Solutions to Sprayer Nozzle Issues Before You Have Them

Whether you are top dressing wheat or doing pre-plant herbicide applications, there are a few things to remember when servicing sprayer nozzles and tips. To help our customers solve some of the most prevalent problems in the field, the Apache Sprayer team got together with additional experts within the industry to gather the best tips for nozzle care throughout the year.

Quick Tips for Sprayer Nozzle Maintenance

Start the season by running clean water through the sprayer and at the end of each spraying day, to thoroughly clean the spray tips. Chemicals will eventually gum up the tip and cause uneven spray patterns or, worse, plug the tip completely. Always use water or compressed air to clean a spray tip. Using sharp objects such as a pocket knife or a piece of wire will cause damage to the tip. With proper care, you can extend the life of spray tips significantly.

“Most problems with spray tips are a result of a lack of maintenance and calibration,” said TeeJet Technologies Manufacturer Representative, Bryan Fowler. “Taking a close look at the spray pattern for consistency and distribution across the boom will alert you to the problem sooner and help you avoid poor application results. Many times, it can be difficult to look at a tip and actually see a problem.”

Sprayer Nozzle Tests and Checks

Fowler suggests performing a catch test on a few of the tips to better analyze the issue. A catch test uses a catch cup over the nozzle to measure output and flow rates.

“It is a good practice to perform a catch test on a few of the tips; if a few are out of specification by more than 10 percent, then it is time to replace them,” Fowler said. “This means that a tip that is rated to spray 0.4 GPM (ex. XR8004) at 40 psi is actually spraying 0.45 GPM, it should be replaced. If more than a few tips on the boom are performing this way, all of the tips on the boom are probably worn and will need to be replaced.”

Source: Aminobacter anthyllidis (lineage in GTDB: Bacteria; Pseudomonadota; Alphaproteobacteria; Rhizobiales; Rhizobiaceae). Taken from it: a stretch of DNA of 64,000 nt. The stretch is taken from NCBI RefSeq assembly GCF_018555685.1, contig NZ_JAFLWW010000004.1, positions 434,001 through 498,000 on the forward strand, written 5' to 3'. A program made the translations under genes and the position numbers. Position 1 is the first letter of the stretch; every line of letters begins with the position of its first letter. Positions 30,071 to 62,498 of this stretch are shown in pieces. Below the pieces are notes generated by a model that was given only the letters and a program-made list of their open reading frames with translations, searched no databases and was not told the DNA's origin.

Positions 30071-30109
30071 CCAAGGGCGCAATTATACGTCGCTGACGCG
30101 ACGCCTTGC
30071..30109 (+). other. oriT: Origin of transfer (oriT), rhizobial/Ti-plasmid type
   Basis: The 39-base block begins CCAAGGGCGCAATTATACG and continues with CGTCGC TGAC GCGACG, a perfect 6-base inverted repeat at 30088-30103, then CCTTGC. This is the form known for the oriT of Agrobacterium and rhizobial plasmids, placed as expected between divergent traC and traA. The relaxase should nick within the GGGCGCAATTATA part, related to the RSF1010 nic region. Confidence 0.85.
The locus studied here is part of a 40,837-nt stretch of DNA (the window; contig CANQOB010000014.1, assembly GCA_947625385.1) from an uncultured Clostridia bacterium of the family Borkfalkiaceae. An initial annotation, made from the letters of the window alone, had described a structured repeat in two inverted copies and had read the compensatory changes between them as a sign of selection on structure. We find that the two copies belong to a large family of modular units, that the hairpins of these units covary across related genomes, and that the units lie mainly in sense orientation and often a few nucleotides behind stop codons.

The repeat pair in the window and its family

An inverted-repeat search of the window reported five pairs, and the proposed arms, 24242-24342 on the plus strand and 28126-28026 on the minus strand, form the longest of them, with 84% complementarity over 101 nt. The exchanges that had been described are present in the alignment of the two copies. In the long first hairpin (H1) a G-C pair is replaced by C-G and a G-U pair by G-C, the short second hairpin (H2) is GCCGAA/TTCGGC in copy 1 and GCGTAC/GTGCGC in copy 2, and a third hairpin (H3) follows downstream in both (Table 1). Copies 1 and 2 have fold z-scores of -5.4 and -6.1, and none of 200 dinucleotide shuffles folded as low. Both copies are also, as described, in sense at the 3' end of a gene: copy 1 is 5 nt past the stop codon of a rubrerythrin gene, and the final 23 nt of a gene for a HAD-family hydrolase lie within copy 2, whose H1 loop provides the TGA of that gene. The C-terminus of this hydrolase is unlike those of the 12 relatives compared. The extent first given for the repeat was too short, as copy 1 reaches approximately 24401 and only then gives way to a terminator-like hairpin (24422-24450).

It’s very hard to detect nozzle wear by sight alone as there can be very little evidence of wear. Greenleaf Technologies Regional Sales Manager William Smart agrees that nozzle checks are an essential part of upkeep, but also stresses the use of strains and boom height adjustments to prevent malfunctions.

The Importance of Nozzle Cleaning

“Nozzles need to be protected from plugging through the use of strainers upstream of the nozzle,” Smart said. “But even with proper straining, nozzles can sometimes plug. Nozzles that come apart easily (without the need for tools) and that have visible metering orifices will speed up the cleaning process. Air, water and the occasional broom straw or toothbrush is all that should be used for cleaning.”

Boom Height + Sprayer Nozzle Correlations

Smart says boom height is also important to create a uniform distribution of the spray with your selected nozzle.

“A good rule of thumb for 110-degree nozzles is matching the nozzle spacing to the boom height,” Smart said. “So, for 20-inch spacing, a minimum 20-inch boom height will ensure uniformity along the length of the boom. Keeping the boom as close as possible to this target will also maximize coverage, penetration and drift control.”

Do you have another common nozzle issue? Tell us about it in the comments below! Need help nozzle selection?

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